I can see where they are coming from but I don’t know that I agree entirely – while there are certainly some who view Twitter as a game to see who can build the world’s largest megaphone, there are also many people who haven invested a lot of time cultivating a community and environment that provides mutual exhortation.

I firmly believe that the success that a large number of highly influential individuals had on Twitter is the very thing that kept the service alive.

Makes sense doesn’t it?

If you had invested countless hours in a service and, as a result, had amassed a “following” of several thousand individuals who were eager to hear from and interact with you wouldn’t you give that service every chance to survive as well?

I’m pretty sure I would.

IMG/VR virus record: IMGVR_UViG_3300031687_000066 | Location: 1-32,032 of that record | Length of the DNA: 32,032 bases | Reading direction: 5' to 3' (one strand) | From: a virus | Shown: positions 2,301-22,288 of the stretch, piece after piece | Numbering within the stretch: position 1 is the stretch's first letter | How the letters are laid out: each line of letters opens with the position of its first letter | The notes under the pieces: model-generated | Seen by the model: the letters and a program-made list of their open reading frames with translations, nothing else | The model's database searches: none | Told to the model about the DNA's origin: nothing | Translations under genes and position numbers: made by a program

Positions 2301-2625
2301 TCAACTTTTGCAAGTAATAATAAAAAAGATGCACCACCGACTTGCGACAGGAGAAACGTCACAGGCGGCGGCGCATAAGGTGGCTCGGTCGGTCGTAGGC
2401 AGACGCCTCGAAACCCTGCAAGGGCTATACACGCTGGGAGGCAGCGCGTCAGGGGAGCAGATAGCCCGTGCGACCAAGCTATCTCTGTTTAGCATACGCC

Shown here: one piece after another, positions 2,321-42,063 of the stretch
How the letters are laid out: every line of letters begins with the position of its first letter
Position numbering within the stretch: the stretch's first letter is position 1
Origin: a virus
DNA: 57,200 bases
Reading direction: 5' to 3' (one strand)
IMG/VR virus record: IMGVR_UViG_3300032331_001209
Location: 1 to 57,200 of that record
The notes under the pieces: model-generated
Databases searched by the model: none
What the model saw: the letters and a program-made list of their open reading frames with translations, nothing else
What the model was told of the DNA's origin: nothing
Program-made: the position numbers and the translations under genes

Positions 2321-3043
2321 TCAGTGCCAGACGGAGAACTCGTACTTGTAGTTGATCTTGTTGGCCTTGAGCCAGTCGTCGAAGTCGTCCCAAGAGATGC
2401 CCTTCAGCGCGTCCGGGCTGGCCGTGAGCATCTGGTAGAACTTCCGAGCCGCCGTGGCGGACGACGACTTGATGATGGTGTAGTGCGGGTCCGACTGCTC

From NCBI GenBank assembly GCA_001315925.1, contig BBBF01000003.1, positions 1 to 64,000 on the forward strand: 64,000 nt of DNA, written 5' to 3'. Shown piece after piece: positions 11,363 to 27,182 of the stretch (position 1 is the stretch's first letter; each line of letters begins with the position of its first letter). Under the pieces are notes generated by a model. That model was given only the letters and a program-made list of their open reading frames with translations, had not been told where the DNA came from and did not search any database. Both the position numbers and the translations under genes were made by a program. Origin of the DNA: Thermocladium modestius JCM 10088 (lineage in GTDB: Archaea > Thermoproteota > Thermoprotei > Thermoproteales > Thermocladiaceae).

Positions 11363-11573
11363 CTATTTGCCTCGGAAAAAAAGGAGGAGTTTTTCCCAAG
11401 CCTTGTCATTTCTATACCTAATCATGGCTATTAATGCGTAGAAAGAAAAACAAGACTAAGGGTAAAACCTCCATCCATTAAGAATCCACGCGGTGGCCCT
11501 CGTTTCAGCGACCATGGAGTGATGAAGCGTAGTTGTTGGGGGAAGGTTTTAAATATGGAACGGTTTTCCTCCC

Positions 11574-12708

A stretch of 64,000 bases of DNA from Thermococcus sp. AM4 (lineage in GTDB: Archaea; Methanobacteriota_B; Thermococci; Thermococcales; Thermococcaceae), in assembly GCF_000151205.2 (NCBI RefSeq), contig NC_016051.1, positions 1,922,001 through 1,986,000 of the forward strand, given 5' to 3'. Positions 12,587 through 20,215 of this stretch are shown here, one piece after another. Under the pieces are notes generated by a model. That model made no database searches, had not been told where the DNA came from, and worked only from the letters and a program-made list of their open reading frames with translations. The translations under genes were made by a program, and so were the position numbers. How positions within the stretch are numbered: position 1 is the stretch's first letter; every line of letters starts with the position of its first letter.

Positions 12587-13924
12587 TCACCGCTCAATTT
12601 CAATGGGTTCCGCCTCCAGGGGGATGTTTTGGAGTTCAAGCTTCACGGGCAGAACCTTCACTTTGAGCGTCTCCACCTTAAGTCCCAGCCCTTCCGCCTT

And so a cycle was created that acted as a virtual respirator for Twitter: highly interesting or knowledgeable person develops a large following on Twitter, word spreads as more and more users enjoy and benefit from the service, more join, Twitter hits massive potholes in the road, power users hang on for dear life not wanting to lose all of the hard work they had invested, mass defection is avoided as the rest of the service’s users enjoy the interaction that a growing, vibrant community offers.

Unfortunately, Twitter’s latest error was aimed squarely at the one thing that may very well have kept them alive all of this time.

This isn’t another “Twitter is now dead” post – the game isn’t over and, although it would take enormous effort, Twitter may very well still survive.